Hello Mr. Schneider, you recently published an article with the focus on peanut oral immunotherapy. Why is this topic so important?
At the moment there is no cure for food allergy. Immunotherapy is the new hope for patients to deal with severe allergic reactions. Recently, the first immunotherapy product PALFORZIA received approval by the FDA for the treatment of confirmed peanut allergy. PALFORZIA is a peanut allergen powder used to expose children to increasing doses of peanuts to mitigate allergic reactions. Hopefully, new products for further allergens will become available soon. Please note, that clinical trials demonstrated that immunotherapy is not curing allergic reactions but reducing the severity including anaphylactic reactions which may occur upon accidental exposure to the allergen.
What do you addressed in your research paper?
In collaboration with the clinical team of Dr. Wayne Shreffler and Dr. Sarita Patil from Massachusetts General Hospital, Boston, MA (USA) we evaluated the performance of basophil activation as a biomarker in monitoring clinical efficacy of oral peanut immunotherapy in a clinical trial.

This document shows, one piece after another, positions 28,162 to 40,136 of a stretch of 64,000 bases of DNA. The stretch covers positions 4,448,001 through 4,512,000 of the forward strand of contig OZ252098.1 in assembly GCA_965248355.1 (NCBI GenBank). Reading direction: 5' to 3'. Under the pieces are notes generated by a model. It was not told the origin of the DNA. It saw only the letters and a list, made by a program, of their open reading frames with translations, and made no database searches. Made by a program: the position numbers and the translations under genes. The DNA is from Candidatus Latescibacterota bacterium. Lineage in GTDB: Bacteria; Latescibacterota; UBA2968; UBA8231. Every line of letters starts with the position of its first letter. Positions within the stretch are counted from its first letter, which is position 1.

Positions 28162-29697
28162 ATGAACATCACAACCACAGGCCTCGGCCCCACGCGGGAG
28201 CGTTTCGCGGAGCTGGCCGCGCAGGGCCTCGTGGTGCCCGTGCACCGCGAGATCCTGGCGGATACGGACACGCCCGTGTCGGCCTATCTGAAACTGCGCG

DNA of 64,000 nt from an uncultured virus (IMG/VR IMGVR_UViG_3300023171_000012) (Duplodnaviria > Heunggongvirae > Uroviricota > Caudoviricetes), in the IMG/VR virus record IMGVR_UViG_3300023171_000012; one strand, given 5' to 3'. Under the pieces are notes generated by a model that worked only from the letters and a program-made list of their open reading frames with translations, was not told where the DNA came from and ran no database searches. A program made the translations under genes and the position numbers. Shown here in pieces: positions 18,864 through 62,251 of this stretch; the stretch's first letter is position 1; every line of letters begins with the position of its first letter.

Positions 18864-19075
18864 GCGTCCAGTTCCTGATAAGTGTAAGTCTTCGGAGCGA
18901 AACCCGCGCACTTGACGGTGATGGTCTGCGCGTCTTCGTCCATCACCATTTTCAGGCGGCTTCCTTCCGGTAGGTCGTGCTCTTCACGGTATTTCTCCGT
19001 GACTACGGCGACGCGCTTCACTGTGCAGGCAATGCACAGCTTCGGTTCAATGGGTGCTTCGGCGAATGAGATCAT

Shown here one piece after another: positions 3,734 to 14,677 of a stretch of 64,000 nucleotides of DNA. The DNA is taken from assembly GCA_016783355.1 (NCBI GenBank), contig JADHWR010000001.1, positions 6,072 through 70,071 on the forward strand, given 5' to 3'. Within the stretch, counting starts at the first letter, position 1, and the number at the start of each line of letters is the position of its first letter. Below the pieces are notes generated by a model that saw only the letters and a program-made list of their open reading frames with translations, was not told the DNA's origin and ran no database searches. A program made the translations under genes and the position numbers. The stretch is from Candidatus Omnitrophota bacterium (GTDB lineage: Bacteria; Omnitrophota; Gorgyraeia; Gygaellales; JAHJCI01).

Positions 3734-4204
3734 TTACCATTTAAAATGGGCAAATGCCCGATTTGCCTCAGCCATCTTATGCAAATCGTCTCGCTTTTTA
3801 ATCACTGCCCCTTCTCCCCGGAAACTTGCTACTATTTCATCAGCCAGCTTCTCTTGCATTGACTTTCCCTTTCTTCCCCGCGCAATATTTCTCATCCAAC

What is basophil activation?
Basophil activation test is like an in vitro challenge test performed in a test tube. Oral food provocation tests (OFPT) are so far the only tool for clinicians to get a one to one response from the patient’s organism to a suspected food allergen. These OFPT are very complex, especially because intensive care is necessary. These challenges has to be performed in hospitals with the intense care unit ready.
Compared to the in vivo challenge the in vitro BAT assay bears much less risk and cost intensive OFPT can be reduced.
What are the results of the research?
From the clinical point of view, it was again demonstrated, as in many other trials, that only 9 out of 23 allergic patients reached a sustained desensitization while 13 patients showed only transient desensitization which was lost after therapy discontinuation.